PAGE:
On that note, there remains much work to be done to develop the concept of a population, and I did not find the minimal characterization Garson offers quite satisfactory for ruling out the class of counterexamples that threaten GSE. In a variation of the example where rocks differentially erode on a beach, Garson considers rocks in a pile grinding against one another and eroding due to friction. This example is interesting because the rocks are interacting, but Garson wants to say they do not form a population. Each rock only interacts with adjacent rocks, but there is a much greater degree of interactivity in a population, with every individual interacting, perhaps indirectly, with almost every other. However, it is not difficult to amend the example so that almost every rock interacts with almost every other rock. Simply put all the rocks in a spacious container and have a machine shake the container so hard that the rocks are worn away by constant collisions as they fly around inside. As with the original example, harder rocks will be retained while softer rocks wear away to dust. To rule out GSE delivering the result that the hardness of rocks has the function of staving off erosion, Garson needs to rule out that these rocks are in a population as well.
This worry also raises the possibility that the role of reproduction in more traditional selected effect theories is not as unnecessary as Garson paints it to be. It strikes me as entirely plausible that the nature of a population may be best explicated, at least partially, in terms of reproductive relationships. This would explain why biologists do not consider separate interacting species to be part of a single population. It is important here that Garson accepts that traditional selected effect accounts can capture many (most?) of the examples that motivate GSE indirectly, because the mechanisms underlying processes like trial and error learning or neural selection have themselves been shaped by natural selection. Garson contends that this move is simply an epicycle introduced to cancel the complications introduced by defining function possession in a way that requires reproduction. GSE's main advantage over traditional selected effect accounts thus hinges on the prospects for explicating populations without appeal to reproduction.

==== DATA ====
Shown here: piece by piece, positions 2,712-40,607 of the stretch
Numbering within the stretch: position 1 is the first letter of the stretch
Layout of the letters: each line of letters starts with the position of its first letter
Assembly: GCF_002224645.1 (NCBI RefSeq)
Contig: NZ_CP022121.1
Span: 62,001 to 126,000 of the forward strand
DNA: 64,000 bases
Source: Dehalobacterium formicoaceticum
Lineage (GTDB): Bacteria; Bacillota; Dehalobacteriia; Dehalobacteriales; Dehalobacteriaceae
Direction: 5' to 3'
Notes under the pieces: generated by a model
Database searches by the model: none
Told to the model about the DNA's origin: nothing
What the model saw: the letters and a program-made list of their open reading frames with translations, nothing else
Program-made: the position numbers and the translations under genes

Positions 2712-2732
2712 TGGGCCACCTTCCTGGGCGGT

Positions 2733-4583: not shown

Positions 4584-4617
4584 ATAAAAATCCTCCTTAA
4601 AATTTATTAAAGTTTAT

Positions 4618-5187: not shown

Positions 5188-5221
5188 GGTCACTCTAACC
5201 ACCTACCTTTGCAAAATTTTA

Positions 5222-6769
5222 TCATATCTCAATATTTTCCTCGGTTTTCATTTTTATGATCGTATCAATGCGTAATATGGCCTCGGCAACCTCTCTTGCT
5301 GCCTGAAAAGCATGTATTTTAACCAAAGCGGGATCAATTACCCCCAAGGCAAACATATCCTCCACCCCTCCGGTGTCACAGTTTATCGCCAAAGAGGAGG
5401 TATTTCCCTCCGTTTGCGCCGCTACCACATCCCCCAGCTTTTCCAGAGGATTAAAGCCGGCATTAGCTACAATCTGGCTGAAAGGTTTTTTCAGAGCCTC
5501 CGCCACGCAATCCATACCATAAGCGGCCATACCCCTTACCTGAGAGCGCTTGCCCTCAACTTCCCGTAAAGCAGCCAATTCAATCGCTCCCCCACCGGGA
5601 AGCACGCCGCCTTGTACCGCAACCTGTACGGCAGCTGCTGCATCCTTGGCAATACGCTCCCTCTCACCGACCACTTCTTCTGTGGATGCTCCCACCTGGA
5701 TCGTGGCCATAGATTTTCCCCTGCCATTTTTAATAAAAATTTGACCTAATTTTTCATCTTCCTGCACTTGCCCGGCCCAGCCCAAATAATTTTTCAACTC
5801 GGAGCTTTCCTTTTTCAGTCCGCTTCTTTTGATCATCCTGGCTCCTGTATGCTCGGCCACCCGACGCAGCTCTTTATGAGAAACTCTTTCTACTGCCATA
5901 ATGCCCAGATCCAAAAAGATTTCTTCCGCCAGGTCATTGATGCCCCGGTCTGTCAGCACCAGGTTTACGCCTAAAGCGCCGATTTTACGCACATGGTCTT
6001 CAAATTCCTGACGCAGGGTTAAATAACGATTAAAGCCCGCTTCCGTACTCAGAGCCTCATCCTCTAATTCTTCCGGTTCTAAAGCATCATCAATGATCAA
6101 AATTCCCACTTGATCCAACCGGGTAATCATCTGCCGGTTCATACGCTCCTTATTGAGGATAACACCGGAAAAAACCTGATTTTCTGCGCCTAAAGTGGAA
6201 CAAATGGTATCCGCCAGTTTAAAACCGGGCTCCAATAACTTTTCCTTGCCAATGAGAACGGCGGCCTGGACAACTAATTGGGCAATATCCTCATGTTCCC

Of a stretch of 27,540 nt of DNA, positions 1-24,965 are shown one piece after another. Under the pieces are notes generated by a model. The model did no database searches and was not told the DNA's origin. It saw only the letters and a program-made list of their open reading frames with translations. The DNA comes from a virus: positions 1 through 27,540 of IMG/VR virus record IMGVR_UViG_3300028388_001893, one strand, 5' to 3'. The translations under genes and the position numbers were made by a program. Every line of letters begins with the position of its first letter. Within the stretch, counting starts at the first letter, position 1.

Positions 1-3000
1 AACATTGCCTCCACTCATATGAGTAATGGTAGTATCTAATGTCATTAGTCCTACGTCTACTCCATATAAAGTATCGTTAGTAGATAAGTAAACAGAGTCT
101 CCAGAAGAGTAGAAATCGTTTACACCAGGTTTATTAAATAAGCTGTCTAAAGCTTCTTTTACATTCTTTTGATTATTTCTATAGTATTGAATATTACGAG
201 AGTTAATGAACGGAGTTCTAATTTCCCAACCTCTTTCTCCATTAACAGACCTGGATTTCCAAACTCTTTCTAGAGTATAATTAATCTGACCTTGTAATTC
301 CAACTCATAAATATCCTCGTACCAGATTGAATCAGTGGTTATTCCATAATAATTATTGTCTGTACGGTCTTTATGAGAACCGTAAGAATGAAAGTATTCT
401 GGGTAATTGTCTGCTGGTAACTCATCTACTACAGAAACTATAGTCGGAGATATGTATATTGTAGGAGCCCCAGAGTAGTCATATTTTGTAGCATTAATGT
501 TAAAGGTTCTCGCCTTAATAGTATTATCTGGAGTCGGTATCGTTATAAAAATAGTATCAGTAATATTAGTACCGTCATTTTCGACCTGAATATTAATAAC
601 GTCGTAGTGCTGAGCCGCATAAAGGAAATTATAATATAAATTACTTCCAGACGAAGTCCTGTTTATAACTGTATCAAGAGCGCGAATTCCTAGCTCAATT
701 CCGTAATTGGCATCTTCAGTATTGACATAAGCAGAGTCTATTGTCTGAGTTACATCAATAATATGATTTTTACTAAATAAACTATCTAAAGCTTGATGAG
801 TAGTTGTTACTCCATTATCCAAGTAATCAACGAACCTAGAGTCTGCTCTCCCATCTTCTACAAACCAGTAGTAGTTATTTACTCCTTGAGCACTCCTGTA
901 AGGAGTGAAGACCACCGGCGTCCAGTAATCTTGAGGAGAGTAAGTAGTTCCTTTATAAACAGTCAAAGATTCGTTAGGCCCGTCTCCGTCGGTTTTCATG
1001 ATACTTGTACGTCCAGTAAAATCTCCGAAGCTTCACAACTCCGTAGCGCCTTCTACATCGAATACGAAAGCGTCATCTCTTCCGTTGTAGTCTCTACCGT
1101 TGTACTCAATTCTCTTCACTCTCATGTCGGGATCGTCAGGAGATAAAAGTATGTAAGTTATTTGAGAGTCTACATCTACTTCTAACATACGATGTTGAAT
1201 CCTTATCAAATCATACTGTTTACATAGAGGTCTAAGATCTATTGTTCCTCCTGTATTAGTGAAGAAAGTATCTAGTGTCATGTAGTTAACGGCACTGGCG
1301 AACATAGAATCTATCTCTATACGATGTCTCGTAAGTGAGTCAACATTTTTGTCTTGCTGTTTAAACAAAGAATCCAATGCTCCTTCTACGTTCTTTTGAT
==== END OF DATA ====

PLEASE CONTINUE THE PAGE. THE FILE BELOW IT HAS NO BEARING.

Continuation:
None of these issues undermine the value of Garson's contribution to our understanding of functions or why they matter. First, if a devastating criticism of GSE were published tomorrow, Garson's book has provided an especially wide-ranging demonstration of why philosophers should care whether GSE, or any other theory of functions, is right. It would impact our understanding of a surprisingly varied array of other issues, both philosophical and scientific. Second, though I think Garson's case for GSE may be a bit overstated, it remains formidable, nonetheless, and GSE will certainly occupy a central place in the ongoing debate about what functions are.